Human sewage and fertilizer runoff effects the health of lakes. It often causes huge algal blooms, kills fish, and creates other problems.
For 37 years researchers have examined the best ways to control this "cultural eutrophication" process of lakes by varying the levels of phosphorous and nitrogen added to the lake.
After completing one of the longest running experiments ever done on a lake, researchers from the University of Alberta, University of Minnesota and the Freshwater Institute, contend that nitrogen control, in which the European Union and many other jurisdictions around the world are investing millions of dollars, is not effective and in fact, may actually increase the problem of cultural eutrophication.
"David Schindler, professor of ecology at the University of Alberta, and one of the leading water researchers in the world, wants to change current practice in controlling nitrogen runoff by stating that
"Controlling nitrogen does not correct the polluted lakes, and in fact, may actually aggravate the problem and make it worse."
This study done by the University of Alberta, University of Minnesota and the Freshwater Institute appears in the journal, Proceedings of the National Academy of Sciences.
Courtesy Mark RyanHow do you celebrate one of the largest pools of freshwater on Earth? By participating in the annual Lake Superior Day, that’s how! This Sunday, July 20, is Lake Superior Day, a day of celebrations for the world’s largest and cleanest freshwater lake.
Towns and communities lining the shores of Superior in Michigan, Minnesota, and Wisconsin, and the Canadian province of Ontario are planning all sorts of events in tribute to the greatest of the Great Lakes.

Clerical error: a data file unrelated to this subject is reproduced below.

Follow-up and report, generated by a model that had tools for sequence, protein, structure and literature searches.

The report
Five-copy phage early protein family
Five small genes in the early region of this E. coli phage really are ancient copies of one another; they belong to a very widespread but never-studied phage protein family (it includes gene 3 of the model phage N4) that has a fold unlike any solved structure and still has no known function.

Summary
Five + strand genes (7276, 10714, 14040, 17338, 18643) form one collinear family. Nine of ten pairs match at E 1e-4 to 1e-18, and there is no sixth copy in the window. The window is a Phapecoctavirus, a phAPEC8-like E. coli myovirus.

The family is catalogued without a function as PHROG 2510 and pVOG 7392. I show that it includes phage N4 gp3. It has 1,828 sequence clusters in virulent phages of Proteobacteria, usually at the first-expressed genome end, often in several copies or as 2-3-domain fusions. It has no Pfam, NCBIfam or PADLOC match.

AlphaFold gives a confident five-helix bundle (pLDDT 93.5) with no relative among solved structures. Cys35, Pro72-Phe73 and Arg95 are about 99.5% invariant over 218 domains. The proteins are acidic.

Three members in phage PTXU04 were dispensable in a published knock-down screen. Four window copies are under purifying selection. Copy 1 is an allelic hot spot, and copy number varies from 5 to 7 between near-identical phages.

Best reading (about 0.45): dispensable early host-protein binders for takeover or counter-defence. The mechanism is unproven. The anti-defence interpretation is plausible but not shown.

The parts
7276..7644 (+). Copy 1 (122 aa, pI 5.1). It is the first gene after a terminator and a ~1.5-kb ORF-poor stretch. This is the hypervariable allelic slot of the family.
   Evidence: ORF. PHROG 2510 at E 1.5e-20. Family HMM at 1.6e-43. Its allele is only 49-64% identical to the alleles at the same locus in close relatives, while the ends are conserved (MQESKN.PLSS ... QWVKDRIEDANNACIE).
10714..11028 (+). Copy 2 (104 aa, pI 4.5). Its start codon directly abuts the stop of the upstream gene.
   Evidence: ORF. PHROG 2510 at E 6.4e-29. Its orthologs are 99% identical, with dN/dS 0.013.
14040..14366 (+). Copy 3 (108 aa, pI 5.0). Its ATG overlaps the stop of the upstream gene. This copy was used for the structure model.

Picnics, beach clean-ups, library displays, kite flying, concerts, hikes, an essay contest, and government proclamations are all part of the day’s celebration to bring attention to this huge body of water that holds 10 percent of Earth’s fresh water. Events are planned all around the lake. For example, games and activities promoting water conservation will take place in Red Rock, Ontario. A family picnic is scheduled at Silver Harbour in Thunder Bay, Canada. Afternoon events will take place on Barker’s Island Festival Park in the city of Superior, Wisconsin, and scientists and lake area experts will be on hand at the Lake Superior Maritime Visitor Center at Canal Park in Duluth with information about the lake’s natural history, regional culture, and invasive aquatic species.
The annual event takes place on the third Sunday of July, and is sponsored by the Lake Superior Binational Forum, the U.S. Environmental Protection Agency, and Environment Canada. So, if you're anywhere near Gichigami this coming Sunday, join in the festivities, or just go jump in the lake!